Compilation error after added Lazy Values (in the LazyValues file)

The error is pointing to this funtion in LazyValue.cs with the error "user defined conversion must convert to or from the enclosing type. any clues? Any other info needed? I’ve made the changes Sam did in the lecture. It’s possible I have a typo… those little guys can escape my aging eyes…

       public static implicit operator float(LazyValue<float> v)
            throw new NotImplementedException();

This implicit conversion operator is not in my LazyValue class. And, as you have discovered, it won’t work. The error states that the conversion must be to/from the enclosing type. You are trying to convert from LazyValue<float>, but the enclosing type is LazyValue<T>; not the same

There are some simple ways around it - like wrapping the wrapper - but this implicit conversion may cause confusion later down the line when you see this float and it’s not actually a float

But here is an example

public class LazyFloat : LazyValue<float>
    public LazyFloat(InitializerDelegate initializer) : base(initializer) { }

    public static implicit operator float(LazyFloat lazyFloat)
        return lazyFloat.value;

You can do this for all your common types

I really wish I understood this. It doesn’t appear others are having this problem, so why specifically me? It must be something in my code, right?

How would I use your solution above? Would I declare the variable as type LazyFloat rather than LazyValue?

Well, like I said, I don’t have the implicit operator. I also watched the lecture again and don’t see Sam ever adding it (I only watched the one this post is linked to). So from my side, this is why I don’t have that issue. Because I don’t have that code.

My solution is just a wrapper around the LazyValue wrapper to overcome the error you received by changing the ‘enclosing type’ to a lazy value that accepts float. Yes, you would use LazyFloat instead of LazyValue<float> but it will (should, at least) cast to LazyValue<float> because technically it’s still the same thing.

Just went to the source repository and the LazyValue in there does not have the implicit operator either.

See here: LazyValue.cs

I suspect your IDE decided to ‘help you out’ and created the operator. Even if you could do that, you would have received an error because the implementation is to throw a NotImplementedException. I think you can safely remove the function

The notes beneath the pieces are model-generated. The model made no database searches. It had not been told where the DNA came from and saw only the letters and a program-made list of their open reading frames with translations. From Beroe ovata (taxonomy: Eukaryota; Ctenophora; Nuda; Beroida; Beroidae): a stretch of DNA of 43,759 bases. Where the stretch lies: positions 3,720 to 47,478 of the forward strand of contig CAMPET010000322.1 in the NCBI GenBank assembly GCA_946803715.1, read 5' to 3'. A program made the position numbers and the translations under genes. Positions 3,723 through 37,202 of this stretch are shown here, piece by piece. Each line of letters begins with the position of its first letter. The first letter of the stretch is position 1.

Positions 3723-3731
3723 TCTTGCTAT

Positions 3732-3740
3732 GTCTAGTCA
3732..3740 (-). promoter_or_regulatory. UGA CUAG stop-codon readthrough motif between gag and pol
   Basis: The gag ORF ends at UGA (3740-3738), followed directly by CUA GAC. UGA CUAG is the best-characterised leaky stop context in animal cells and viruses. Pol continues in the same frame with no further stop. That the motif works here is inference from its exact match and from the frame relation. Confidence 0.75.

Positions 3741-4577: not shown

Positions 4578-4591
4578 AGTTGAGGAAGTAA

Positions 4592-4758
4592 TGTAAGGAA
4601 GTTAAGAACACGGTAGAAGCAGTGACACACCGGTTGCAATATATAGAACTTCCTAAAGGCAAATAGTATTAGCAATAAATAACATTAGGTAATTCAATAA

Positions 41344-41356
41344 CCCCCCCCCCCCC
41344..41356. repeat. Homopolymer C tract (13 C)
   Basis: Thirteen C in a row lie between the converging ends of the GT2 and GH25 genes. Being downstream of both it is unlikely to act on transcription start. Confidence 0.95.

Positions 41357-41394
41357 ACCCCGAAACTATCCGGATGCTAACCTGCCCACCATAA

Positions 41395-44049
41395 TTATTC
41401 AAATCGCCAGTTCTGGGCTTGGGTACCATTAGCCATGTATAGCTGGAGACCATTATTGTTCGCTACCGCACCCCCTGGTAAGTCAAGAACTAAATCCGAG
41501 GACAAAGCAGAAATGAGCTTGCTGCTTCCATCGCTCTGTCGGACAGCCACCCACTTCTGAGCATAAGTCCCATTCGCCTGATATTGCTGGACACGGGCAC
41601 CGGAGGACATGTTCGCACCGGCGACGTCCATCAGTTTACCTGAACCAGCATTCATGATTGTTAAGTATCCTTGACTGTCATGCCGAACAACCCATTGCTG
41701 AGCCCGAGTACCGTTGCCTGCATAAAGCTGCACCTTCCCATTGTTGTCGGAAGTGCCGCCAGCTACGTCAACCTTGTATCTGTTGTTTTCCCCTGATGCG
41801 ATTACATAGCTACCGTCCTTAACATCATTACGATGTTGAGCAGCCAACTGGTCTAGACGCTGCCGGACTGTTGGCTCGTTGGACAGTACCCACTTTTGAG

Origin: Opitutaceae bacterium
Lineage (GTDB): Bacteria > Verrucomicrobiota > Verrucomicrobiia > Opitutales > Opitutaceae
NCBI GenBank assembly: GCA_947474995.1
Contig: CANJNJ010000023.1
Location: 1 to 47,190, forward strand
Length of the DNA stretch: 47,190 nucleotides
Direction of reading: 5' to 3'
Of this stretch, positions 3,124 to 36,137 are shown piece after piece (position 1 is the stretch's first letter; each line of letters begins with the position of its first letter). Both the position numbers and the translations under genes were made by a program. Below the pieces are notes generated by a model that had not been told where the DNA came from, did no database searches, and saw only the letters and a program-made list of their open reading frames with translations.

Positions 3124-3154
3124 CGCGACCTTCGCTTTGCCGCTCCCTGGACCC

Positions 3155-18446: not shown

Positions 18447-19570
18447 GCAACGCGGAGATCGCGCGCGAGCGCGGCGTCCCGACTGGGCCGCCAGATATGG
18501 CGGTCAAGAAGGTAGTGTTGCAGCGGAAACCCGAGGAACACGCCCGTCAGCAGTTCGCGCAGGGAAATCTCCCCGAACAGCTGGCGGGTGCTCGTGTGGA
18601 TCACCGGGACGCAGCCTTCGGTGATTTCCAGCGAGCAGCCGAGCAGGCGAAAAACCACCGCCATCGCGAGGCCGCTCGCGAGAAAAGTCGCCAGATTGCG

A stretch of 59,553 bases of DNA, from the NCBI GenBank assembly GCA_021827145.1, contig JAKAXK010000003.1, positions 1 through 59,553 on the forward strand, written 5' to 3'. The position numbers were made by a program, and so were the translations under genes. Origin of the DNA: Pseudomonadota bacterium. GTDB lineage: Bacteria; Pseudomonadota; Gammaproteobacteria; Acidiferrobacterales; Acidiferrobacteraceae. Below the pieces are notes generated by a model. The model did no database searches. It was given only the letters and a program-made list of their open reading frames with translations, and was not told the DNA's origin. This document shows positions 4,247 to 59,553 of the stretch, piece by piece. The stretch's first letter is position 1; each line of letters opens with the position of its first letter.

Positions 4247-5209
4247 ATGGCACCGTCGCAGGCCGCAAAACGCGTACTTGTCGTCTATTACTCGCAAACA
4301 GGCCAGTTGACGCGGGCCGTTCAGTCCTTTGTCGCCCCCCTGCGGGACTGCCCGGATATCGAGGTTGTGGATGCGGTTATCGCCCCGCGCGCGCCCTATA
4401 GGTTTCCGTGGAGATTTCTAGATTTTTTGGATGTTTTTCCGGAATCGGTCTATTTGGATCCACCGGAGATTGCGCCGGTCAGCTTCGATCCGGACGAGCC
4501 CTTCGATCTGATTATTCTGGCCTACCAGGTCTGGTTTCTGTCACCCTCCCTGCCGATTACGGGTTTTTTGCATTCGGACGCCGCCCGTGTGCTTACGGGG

well, yep. If I just take that operator out, everything compiles. I guess the first clue would have been the fact that there was no function body - just the “throw new NotImplementedException”. Helpful, VS code… fooey. Thanks for the help!

Yes, it definitely looks like VS Code tried to “help”… (in all fairness, I use Rider, and sometimes it tries to help as well).

There’s no reason to edit the LazyValue.cs file at all… You declare an instance of the LazyValue with the type that T is supposed to represent, and the issue may be that you were trying to assign a LazyValue<float>.value to an integer (which would yield a no implicit conversion exists error, as float can’t convert to int directly.

I was only looking in that file because Unity pointed to that as the problem line. Weird. After I deleted the code that VS Code added, it compiled without error. I can’t find anywhere that a LazyValue.value was being assigned to an int (or any other incorrect type), and it works fine now. Just weird.

We originally had float values which we changed to LazyValue<float>. It is possible that somewhere in the code the new ‘lazy float’ was being assigned to a standard float before all the changes were made. VS Code, Rider, and Visual Studio all have this ‘helpful’ feature that detects this and offers to implement an implicit conversion override. Perhaps you inadvertently accepted this offer and it created the function. Happens to me all the time. I actually use the ‘helpful’ features a lot and I got used to specific offers being in a specific order and pick the ones I want without looking. Sometimes there’s an unexpected one before the one I want and I end up picking the wrong one. I’ve had nightmares from picking an option and seeing nothing happen. Makes me sweat a little, not knowing what could possibly have changed and not knowing where this happened

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